Divorce or the dissolution of a marriage, refers to the final and legal termination of a martial union. Divorce invalidates the legal duties and responsibilities associated with marriage between the parties. Where children and property are involved, the divorce process can include issues relating to spousal support, child support and custody, the distribution of property and the division of debt.


To qualify to make an application for divorce in Jamaica, the petitioner must be either:

  • A Jamaican national
  • Domiciled in Jamaica at the commencement of the proceedings 
  • Resides in Jamaica and had done so for at least 12 months immediately preceding the commencement of the proceedings


  • Petitioners are not required to outline the circumstances leading to the breakdown in the relationship.
  • Irretrievable breakdown of the marriage is the only grounds for accessing divorce in Jamaica and this is determined by the Court.
  • However, the court is obliged to enquire whether the Parties have attempted counselling and whether there is any possibility of reconciliation.



 The Court will be satisfied that the Parties have separated for a continuous period of 12 months even if they resumed cohabitation for an insubstantial time for up to three months in an attempt to reconcile during that 12 month period. This 12 month period would not have been interrupted in spite of such an attempt.

The Parties could still be viewed as separated if they continue to cohabit in the same dwelling. This could be considered, for example, if one of the partners has removed from the matrimonial bedroom into another bedroom in the home; ceases to engage in sexual relations; or ceases to carry out household duties such as washing, cleaning or cooking on their spouse’s behalf.

Getting An Attorney

Under the Jamaica Civil Procedure Rules 2002, divorce can be sought without an attorney, however it is advisable to get the assistance of an attorney or visit the Legal Aid Clinic for assistance. Lawyers can provide support by:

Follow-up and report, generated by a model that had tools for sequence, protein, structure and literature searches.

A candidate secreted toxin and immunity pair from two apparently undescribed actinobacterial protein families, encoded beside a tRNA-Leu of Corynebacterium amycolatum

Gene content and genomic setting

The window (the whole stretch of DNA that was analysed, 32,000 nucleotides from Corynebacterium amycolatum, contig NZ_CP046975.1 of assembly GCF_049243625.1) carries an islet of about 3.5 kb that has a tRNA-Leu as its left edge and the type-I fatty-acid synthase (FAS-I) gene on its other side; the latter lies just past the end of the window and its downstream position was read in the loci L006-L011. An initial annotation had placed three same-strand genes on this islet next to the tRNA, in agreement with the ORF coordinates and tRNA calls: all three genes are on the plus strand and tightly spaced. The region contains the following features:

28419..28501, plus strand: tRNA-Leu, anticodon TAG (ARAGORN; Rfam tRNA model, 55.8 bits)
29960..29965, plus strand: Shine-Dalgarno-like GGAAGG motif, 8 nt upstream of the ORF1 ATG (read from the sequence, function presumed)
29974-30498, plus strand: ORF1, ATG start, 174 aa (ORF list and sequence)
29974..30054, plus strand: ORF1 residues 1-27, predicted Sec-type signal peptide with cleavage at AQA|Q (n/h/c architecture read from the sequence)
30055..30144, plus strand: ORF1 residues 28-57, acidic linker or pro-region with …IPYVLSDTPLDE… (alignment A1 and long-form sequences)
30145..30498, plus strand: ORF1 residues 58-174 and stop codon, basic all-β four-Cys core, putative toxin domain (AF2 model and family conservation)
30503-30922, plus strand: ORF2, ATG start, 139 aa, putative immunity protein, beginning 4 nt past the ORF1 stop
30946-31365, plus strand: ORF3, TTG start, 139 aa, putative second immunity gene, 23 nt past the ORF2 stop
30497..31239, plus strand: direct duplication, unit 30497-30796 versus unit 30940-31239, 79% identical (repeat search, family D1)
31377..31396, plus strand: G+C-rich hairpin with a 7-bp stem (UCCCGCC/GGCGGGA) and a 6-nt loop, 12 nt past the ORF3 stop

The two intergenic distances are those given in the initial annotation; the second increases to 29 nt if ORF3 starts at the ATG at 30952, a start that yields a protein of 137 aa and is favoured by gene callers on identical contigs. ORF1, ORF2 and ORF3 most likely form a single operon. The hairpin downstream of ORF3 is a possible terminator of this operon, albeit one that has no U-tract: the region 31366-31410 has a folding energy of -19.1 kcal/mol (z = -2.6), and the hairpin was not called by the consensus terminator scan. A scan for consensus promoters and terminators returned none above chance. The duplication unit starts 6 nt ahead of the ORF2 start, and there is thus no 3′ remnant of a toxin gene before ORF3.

1. Drafting the divorce petition
  2. Obtaining the marriage certificate 
  3. Lodging the petition in court
  4. Serving the petition on the respondent
  5. Drafting documents outlining the plans for the care, maintenance and support of children 
  6. Requesting that the divorce be granted without a hearing
  7. Negotiating for the settlement of property

Filing For Divorce 

 STEP 1 – Filing the Petition 

Once filed, the petition is not immediately returned to the attorney for service on the respondent. The first delay occurs due to the insertion of a step which, although not stipulated by the Matrimonial Proceedings Rules, requires the court’s registrar to vet the petition before signing and stamping. Even where there are no errors in the documents, the petition may take an average of one month to be signed. It could take longer, if an error is noted, which would involve the petition being refined.

STEP 2 – Applying for Decree Nissan

Fourteen days after the petition has been served on the respondent (In Jamaica), who raises no challenge to the divorce proceedings, the petitioner may submit an application to obtain the first order in the divorce proceedings- the Decree Nisi. The application is supposed to be submitted to a judge to be considered without the need for a hearing. However what may appear to be a simple process in theory, could result in an average of six months before the application is placed before a judge.

STEP 3 – Applying for Decree Absolute 

Six (6) weeks after the decree nisi is granted, the petitioner may apply for the final order in the divorce proceedings  (decree absolute). This, too, is an application which goes before the judge for consideration without the need for a hearing. It could take upwards of two (2) months for the application to be placed before the judge.

If the couple has been married for less than two (2) years there are some differences to the process that must be considered.

The Affidavit in support of the application for permission to file a petition within the first two years of marriage must:

  • Provide proof of the marriage  (e.g.a copy of the marriage certificate)
  • State the special circumstances that justify the hearing of the petition.
  • Give particulars of any attempted reconciliation  (an Affidavit from the marriage counsellor would be helpful)
  • State whether there is a reasonable likelihood of a reconciliation 
  • State whether there are any children, their names, ages, dates of birth and the arrangements for their care, maintenance and upbringing; and
  • Exhibit a copy of the proposed petition.


In some cases, one party to the divorce may not be ready to end the marriage. In such cases, the divorce may be contested. It is then likely to take longer for a date to be fixed for the hearing and the petitioner may have to prove all the facts set out in the petition, including the fact of separation and that there is no possibility of resuming cohabitation. 


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